Summer time brings sports camps, international teams, tournaments
Senior crew captain and Stanford commit Katherine Mote spent each of her summer days for eight weeks waking up at 5:30 a.m., working out and practicing for three hours, eating, napping, working out for another three hours, eating again and in bed by 7:30 p.m.
Over the summer, many ESD athletes spend their summers away at camps, tournaments and even championships devoted to their respective sport, sacrificing many benefits other high schoolers enjoy on their breaks.
“It was hard not having all of the fun summer things I [normally] would,” Mote said. “I would talk to my friends and see what they’re doing and hear about internships, so I was a little sad I didn’t get to participate in any of that, but I was really happy with what I was doing.”
Mote participated in rowing activities for the entirety of the summer. Students were let out in mid-May, but the varsity crew team continued to practice because they qualified for the national regatta in Florida the second week of June. After that competition, she went straight to the Olympic Training Center in Chula Vista, California and was evaluated for three weeks. She was one of the 20 girls chosen out of the 75 evaluated to compete in the Junior World Championships in Italy. She and her team practiced for six weeks before leaving for the competition on July 20. When she got home, it was Aug. 2, and varsity fall crew had already begun.
“I was never really homesick, but the environment was really stressful,” Mote said. “Especially [at the beginning], everyone’s just competing against each other. There [were] girls there that returned from [the world championships] last year, so a lot of people knew each other. It’s stressful being new in that type of environment and then also trying to compete against these people.”
Although there was fierce determination and willingness to beat out others for a spot on the team, Mote developed many friendships and was happy doing so
“I made friends pretty quickly, and that made it a lot easier,” Mote said. “Finding out who gets dropped and who’s leaving was really sad, but once it was just the world’s group, there was a lot of bonding, and it was really fun. We would play games, spend time together, [and] eat meals together. But you still are on such a regimented schedule, that it was hard to have time for anything else. It’s pretty much practice, eat, sleep.”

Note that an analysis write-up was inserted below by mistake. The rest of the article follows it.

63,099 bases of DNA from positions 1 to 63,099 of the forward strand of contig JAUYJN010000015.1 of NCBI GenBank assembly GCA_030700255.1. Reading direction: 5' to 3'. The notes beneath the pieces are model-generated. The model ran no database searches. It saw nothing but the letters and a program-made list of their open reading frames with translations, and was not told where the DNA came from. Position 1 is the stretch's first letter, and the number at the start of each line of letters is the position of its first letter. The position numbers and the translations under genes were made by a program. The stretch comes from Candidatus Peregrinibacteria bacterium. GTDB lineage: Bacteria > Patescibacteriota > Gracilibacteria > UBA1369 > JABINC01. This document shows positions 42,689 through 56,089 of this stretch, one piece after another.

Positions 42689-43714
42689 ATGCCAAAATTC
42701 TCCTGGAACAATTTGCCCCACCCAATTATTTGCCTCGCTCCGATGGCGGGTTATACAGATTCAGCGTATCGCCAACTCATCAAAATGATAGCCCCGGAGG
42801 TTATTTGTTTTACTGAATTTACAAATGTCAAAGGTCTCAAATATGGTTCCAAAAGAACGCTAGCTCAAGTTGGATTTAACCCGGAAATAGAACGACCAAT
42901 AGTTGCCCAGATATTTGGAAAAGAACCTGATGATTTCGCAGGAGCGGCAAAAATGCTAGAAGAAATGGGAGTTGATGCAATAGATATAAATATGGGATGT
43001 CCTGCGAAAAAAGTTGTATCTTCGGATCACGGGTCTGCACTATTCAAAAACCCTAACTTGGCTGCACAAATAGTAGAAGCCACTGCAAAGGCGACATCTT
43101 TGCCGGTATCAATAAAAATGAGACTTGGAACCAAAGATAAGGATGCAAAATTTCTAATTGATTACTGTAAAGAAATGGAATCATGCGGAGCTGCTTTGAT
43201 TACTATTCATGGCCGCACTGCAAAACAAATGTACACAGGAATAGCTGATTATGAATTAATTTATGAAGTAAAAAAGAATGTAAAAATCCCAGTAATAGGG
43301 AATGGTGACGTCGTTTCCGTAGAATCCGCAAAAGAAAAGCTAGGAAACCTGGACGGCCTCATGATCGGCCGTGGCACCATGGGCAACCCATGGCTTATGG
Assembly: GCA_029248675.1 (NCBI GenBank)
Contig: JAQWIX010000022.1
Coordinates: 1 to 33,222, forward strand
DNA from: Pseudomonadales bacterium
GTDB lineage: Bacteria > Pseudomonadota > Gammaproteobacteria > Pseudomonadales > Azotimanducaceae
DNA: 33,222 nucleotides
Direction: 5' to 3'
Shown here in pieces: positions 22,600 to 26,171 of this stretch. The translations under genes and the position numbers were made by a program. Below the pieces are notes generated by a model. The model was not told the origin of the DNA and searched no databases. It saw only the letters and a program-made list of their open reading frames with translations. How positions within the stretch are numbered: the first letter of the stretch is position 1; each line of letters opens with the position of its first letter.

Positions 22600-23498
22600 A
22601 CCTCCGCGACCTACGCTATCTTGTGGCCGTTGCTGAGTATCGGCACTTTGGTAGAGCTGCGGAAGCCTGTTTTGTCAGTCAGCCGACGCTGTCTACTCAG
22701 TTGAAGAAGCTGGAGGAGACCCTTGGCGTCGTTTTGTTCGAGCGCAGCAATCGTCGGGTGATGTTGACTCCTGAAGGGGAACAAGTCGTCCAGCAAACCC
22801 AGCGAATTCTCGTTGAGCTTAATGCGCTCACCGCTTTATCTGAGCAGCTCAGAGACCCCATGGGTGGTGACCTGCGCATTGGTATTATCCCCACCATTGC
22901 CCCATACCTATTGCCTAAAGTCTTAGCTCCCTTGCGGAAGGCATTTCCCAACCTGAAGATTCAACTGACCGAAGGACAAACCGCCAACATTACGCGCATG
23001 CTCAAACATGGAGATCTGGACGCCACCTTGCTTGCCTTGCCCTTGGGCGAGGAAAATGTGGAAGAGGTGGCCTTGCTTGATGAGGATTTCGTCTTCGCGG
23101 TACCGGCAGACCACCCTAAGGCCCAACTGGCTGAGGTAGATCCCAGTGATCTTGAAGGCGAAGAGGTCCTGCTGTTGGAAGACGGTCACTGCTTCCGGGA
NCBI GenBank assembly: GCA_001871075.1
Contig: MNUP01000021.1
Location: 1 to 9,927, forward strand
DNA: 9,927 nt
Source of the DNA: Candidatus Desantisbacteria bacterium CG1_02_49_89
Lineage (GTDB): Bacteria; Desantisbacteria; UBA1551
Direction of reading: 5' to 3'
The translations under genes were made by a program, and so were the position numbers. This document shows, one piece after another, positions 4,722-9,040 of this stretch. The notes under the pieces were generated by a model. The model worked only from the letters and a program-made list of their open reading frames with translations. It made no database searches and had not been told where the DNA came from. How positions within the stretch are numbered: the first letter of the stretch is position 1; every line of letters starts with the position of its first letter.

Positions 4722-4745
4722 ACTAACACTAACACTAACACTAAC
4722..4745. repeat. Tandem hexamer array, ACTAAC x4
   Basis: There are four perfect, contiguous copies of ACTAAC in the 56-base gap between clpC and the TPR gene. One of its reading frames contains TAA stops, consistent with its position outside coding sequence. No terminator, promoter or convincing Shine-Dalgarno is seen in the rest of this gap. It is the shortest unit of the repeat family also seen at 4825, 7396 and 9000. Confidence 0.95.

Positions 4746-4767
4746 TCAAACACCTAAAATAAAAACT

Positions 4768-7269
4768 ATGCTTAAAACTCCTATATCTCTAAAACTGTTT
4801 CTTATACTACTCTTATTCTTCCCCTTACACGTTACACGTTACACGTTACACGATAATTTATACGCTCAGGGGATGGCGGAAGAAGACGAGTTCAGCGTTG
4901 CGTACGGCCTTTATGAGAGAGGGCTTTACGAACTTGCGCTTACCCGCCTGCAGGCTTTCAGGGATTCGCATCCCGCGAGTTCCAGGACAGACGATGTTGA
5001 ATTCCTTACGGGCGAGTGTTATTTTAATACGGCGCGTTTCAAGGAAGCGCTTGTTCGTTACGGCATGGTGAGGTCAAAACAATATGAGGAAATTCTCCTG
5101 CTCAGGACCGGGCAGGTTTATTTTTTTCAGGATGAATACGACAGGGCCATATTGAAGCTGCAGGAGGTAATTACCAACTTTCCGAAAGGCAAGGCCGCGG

Although she had already made her decision about her college plans, this experience solidified her choice further.
“Going into the national team camp, I was down to my top three: Stanford, Yale and University of Pennsylvania. Once I got to camp, I knew I wanted to go to Stanford, and… not that it swayed my decision in any way, but I met a lot of the girls who were also committed to Stanford,” Mote said. “That reassured my decision, because I loved the people I met, and I really felt connected to them. About a week into camp, I had a phone call with the coach and committed.”
Also this summer, all six of the senior varsity football captains (Blair Brennan, Teddy Sparrow, Patrick Burke, Justin McCray, Jackson Bloomfield and Drew Chairuangdej) were preparing for the season and their future in football, hopping around the country to different camps.
“I enjoyed my experience as a whole because I was able to grow and learn a lot as a football player,” Brennan said. “Getting hands-on coaching from some of the best in college football is something I will forever appreciate, but I definitely also learned that college athletics are very difficult and [requires] so much work ethic and drive from players who are trying to get recruited.”
Brennan was missing almost every weekend at these camps or at tournaments for football, but also lacrosse, when he could have been spending them at home with his friends or traveling for something other than sports.
“Although I did miss a lot in town, I would not have made any different decision,” Brennan said. “I had so many great experiences playing this summer.”
Junior Camden Konradi took his lacrosse competition to the next level, or rather, the next continent. Through his cousin, he earned the opportunity to join in the European U21 Lacrosse Championships on the team for Latvia.
“I didn’t know any of my teammates besides my cousin who was on the team more as a coach,” Konradi said. “There was one other American on our team, the goalie, but it didn’t take too long to get to know my teammates [because] they were pretty much all funny and outgoing.”
After spending two weeks in Latvia for training, and two weeks in Dublin, Ireland for the championship, Konradi returned home.
“While I wasn’t super happy about missing my last few weeks of summer, afterwards I was so glad I chose to play because I made memories and friends that will last the rest of my life,” Konradi said. “One thing I learned from this experience was that lacrosse is growing at a much faster rate than I thought, [and] the fact that countries like Uganda and Korea had teams competing in the tournament was insane to me and made me happy to see that lacrosse is growing at such a fast rate.”
The discipline and commitment to the time spent over the summer taught these athletes different lessons before coming back to play their respective sports at home.
“I learned a lot about what I was physically capable of,” Mote said. “Again, I haven’t pushed myself to that level before and I learned how to be better because of the way we were rowing. [I learned from] the other rowers, their attitude and the way they approach everything was so inspiring. I think it’s something I’m trying to bring back to ESD crew and bring that level of discipline and maturity to practice every day.”